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The Survivor Monologues

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JODI SAX, 41
Sax, a lawyer, was diagnosed with terminal colon cancer in fall 2002. For five months, she prepared herself for death, as family and friends rallied around her. The initial diagnosis turned out to be wrong, and a year after her first hospital visit, Sax found herself cancer-free. Lately, she’s been suffering from fatigue and joint pain; her doctors have yet to pinpoint the cause.

I moved from Los Angeles to New York in late August 2001, I sold my house, uprooted everything to come here, just for a change of scenery. On September 11, I saw the buildings crumbling to the streets. I walked around in a daze for months, and I started to not feel well. At first, I attributed it to my overall state of shock, then I got progressively more tired, to the point where I couldn’t get down the block without being completely exhausted. Then I started having acute abdominal pains. I went to a gastroenterologist. She did my blood work, and she immediately checked me into a hospital. By that time, I was pretty sick. They thought that I had stage 4 cancer, which is terminal.

My mother flew in. My brother, who lives in Portland, Oregon, came and got an apartment in my building and took care of me. My whole family would come with me to the doctors. I hadn’t spoken to my father in three years. He has a habit of disappearing, then showing up when it’s convenient. When I was sick, he showed up, and was like, “Oh, I’ll take care of you.” In that sense, it’s weird—it was actually a really happy time. I was getting so much attention. I didn’t have to work, I didn’t have to do anything I didn’t want to do, I was being showered with presents. There’s a sociological term for it—I think it’s called the secondary benefits. And I was on all these drugs, so I was high as a kite all the time.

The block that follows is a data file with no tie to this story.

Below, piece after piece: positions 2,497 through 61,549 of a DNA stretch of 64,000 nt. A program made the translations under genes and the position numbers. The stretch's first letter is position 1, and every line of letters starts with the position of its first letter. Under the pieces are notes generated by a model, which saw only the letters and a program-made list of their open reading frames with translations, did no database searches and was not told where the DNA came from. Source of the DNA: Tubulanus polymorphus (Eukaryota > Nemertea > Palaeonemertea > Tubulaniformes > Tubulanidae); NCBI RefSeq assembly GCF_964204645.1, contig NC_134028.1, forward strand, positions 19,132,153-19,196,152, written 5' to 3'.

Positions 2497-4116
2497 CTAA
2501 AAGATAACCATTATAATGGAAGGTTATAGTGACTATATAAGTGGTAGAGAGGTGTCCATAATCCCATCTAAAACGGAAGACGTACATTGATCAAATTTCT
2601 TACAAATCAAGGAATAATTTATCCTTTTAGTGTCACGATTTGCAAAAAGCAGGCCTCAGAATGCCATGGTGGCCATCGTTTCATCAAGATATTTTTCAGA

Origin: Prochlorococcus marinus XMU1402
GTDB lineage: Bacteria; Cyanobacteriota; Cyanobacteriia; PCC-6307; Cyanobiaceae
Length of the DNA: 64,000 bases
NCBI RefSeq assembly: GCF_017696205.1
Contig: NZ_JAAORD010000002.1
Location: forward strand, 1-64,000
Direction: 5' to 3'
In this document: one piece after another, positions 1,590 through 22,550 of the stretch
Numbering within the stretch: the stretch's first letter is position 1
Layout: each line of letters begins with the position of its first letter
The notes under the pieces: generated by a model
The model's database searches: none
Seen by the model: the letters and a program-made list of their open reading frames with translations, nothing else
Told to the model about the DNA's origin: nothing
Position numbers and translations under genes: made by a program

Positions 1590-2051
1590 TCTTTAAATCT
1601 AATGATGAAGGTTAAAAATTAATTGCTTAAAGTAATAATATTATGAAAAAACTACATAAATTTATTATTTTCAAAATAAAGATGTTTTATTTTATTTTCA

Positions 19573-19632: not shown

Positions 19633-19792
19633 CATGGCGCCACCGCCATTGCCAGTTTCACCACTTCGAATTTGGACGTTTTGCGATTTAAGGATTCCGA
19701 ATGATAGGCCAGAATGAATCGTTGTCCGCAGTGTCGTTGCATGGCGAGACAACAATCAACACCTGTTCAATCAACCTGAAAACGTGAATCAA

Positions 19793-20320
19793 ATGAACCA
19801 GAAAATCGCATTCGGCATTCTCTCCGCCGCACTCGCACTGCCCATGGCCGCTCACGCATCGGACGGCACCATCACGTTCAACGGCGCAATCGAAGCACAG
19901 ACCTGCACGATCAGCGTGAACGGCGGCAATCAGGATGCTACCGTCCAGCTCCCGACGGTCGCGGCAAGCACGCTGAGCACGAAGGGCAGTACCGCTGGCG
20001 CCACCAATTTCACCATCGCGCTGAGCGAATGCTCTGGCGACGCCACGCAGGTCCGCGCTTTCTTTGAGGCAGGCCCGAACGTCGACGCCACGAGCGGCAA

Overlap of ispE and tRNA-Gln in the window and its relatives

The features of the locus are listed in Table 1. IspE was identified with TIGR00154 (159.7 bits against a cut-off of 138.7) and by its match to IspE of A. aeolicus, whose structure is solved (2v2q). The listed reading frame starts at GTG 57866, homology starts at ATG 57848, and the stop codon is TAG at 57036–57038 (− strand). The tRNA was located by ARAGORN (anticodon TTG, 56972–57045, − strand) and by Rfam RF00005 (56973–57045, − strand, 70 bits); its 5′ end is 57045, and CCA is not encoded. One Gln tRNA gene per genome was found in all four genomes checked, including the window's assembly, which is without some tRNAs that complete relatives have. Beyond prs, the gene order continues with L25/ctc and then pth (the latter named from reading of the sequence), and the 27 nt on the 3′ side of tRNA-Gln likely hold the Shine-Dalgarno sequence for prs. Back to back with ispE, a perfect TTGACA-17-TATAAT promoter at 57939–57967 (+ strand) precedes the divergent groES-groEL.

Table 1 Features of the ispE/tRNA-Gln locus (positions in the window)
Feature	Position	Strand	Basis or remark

I had the tumor removed—and after that, it became a different experience. During chemo, I felt so crappy I just wanted to lie in bed and not talk to anybody. I wasn’t throwing up constantly, but I was in the most severe pain I’ve ever had. Eventually, when the pain went away, that was sort of an out for my father. He was like, “Okay, you’re done.” I had to go back to work really quickly, but I didn’t have any clients because I’d been out of the loop for a year. I never really liked being a lawyer, so going back was depressing. I was really angry with my father. The good thing is, I started a nonprofit to help young adults to figure out what to do when the doctor says, “Okay, see ya.” It’s a very low-paying job. But it’s gratifying.


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